Read about narrative practice from the originals. The Dulwich Center in Australia generously shares material in their library.http://www.dulwichcentre.com.au/what-is-narrative-therapy.html
I awoke this morning to the twittering of the tiny hummingbirds in the sage outside my window.
In my kitchen hangs an etching of a hummingbird by Rosey Rosenthal from Los Osos,Ca.
The hummingbird speaks of highly focused attention, all that energy to be still and gather nectar.
There is grace in taking only what we need. We are not deprived, because the sweetness is already distilled into nectar waiting for us. That was the work of sun,earth and flower.
Life still is sweet even after trauma. It may not stop the suffering around you. But there is reason to be still, to be kind to yourself. It will give you delight and strength to do your part.
For me voicing poetry and writing poetry is transformative. It requires presence and breath. It requires acceptance of one’s experience in this moment and gives the gift of a changed experience through the very act of reading or creating. Here is a poem I wrote about one such moment of awareness.
After this winter
of cruel stories
The hungry bandits.
To find frog eggs
lives to be yet sung.
The smallest frog:
the loudest croak.
I am still here.
It was the quietness of your voice
your hands in the dark pond
sitting soundless together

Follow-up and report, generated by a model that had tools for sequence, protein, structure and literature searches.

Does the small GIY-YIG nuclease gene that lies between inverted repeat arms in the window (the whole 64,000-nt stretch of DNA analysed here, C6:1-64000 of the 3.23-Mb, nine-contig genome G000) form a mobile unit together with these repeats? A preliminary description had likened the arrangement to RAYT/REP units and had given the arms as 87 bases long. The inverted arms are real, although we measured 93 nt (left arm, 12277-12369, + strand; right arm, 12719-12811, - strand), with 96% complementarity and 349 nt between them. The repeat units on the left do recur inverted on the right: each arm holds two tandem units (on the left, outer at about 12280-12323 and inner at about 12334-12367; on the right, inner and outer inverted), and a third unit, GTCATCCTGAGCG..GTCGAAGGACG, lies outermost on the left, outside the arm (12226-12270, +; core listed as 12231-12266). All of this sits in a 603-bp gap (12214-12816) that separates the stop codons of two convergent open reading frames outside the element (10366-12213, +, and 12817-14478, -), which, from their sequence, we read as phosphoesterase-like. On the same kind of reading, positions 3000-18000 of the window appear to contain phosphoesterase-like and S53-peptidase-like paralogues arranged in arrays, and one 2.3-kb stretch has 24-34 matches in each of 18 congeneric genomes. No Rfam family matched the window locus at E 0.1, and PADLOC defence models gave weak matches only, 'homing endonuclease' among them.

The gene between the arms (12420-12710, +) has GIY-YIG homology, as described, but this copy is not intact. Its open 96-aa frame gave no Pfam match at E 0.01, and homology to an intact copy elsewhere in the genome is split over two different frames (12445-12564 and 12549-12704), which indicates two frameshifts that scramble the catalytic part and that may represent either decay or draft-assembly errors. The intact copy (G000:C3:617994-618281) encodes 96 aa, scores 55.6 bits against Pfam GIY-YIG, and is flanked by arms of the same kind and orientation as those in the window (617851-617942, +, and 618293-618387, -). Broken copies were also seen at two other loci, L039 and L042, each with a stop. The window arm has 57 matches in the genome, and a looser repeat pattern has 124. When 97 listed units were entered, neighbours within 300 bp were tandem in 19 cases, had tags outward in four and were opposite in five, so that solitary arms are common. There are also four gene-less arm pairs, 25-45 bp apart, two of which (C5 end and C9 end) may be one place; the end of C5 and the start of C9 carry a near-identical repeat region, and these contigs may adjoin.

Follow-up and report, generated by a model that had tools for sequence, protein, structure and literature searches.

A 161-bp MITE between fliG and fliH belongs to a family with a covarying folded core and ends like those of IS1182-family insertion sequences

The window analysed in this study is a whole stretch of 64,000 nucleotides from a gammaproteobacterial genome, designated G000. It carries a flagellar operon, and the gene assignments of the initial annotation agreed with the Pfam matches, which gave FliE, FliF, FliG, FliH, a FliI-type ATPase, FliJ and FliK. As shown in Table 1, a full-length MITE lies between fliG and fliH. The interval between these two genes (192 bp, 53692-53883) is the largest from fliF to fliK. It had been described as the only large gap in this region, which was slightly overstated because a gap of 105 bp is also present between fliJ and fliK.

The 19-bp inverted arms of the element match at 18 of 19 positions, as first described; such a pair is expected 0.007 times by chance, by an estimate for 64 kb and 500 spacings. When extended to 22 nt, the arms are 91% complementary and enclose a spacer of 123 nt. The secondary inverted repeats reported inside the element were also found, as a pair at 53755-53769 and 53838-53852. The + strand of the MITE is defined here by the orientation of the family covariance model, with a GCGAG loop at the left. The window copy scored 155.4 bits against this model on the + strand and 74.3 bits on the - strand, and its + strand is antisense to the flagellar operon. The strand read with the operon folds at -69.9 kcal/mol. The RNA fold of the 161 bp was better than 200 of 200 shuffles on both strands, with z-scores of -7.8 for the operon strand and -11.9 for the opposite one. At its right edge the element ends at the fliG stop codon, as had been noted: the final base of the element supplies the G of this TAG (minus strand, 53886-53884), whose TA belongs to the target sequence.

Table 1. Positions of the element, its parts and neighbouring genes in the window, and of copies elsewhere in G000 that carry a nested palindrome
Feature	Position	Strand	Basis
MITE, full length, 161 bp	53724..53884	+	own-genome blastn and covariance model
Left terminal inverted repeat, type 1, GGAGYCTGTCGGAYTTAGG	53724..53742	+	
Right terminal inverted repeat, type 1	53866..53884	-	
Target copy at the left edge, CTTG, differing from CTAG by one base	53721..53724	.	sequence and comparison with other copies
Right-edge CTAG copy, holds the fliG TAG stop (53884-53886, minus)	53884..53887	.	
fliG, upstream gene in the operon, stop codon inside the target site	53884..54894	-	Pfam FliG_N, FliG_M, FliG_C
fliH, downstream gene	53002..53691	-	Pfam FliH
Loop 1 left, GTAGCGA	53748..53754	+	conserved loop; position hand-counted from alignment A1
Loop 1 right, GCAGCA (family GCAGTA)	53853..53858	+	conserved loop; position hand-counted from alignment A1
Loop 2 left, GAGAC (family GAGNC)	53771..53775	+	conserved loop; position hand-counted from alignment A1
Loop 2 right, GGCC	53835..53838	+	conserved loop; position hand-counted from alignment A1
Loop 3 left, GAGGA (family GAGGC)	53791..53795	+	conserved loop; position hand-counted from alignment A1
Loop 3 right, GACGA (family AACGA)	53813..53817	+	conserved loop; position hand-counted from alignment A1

that left me
with the soft cloak
and here is one from Rilke, translated by Joanna Macy.
Part Two, Sonnet XXIX
Quiet friend who has come so far,
feel how your breathing makes more space around you.
Let this darkness be a bell tower
and you the bell. As you ring,
what batters you becomes your strength.
Move back and forth into the change.
What is it like, such intensity of pain?
If the drink is bitter, turn yourself to wine.
In this uncontainable night,
be the mystery at the crossroads of your senses,
the meaning discovered there.
And if the world has ceased to hear you,
say to the silent Earth: I flow.
To the rushing water, speak: I am.
In narrative therapy we use the term “reflecting team” for the people we surround ourselves with who can reflect well the best in us, the spark. We can find a similar team internally and allow the dialogue of support to begin with encouragement rather than critique. The act of smiling releases tension in the many small muscles covering our heads and sends new messages to our brains.
I bow deeply to the spirit that lives within.
Once at a workshop we participants were challenged to walk barefoot on a hike through the forest.The invitation to discard hiking boots induced the gamut of reactions.
A good antidote to “stuck” is inviting surprise. Most of the time surprise enters through our senses rather than our thoughts, so the more we settle into our bodies (grounding) the more likely we are to receive the surprise when it comes with joy rather than anxiety.
Walking in the redwoods barefoot brought an edge to our attention.
With a few notes, a sketch, an iPhoto a new memory is anchored.
Banking new memories helps us move past the old hurts.
From “stuck” to “surprise” to “stillness” and “smile”. Aha!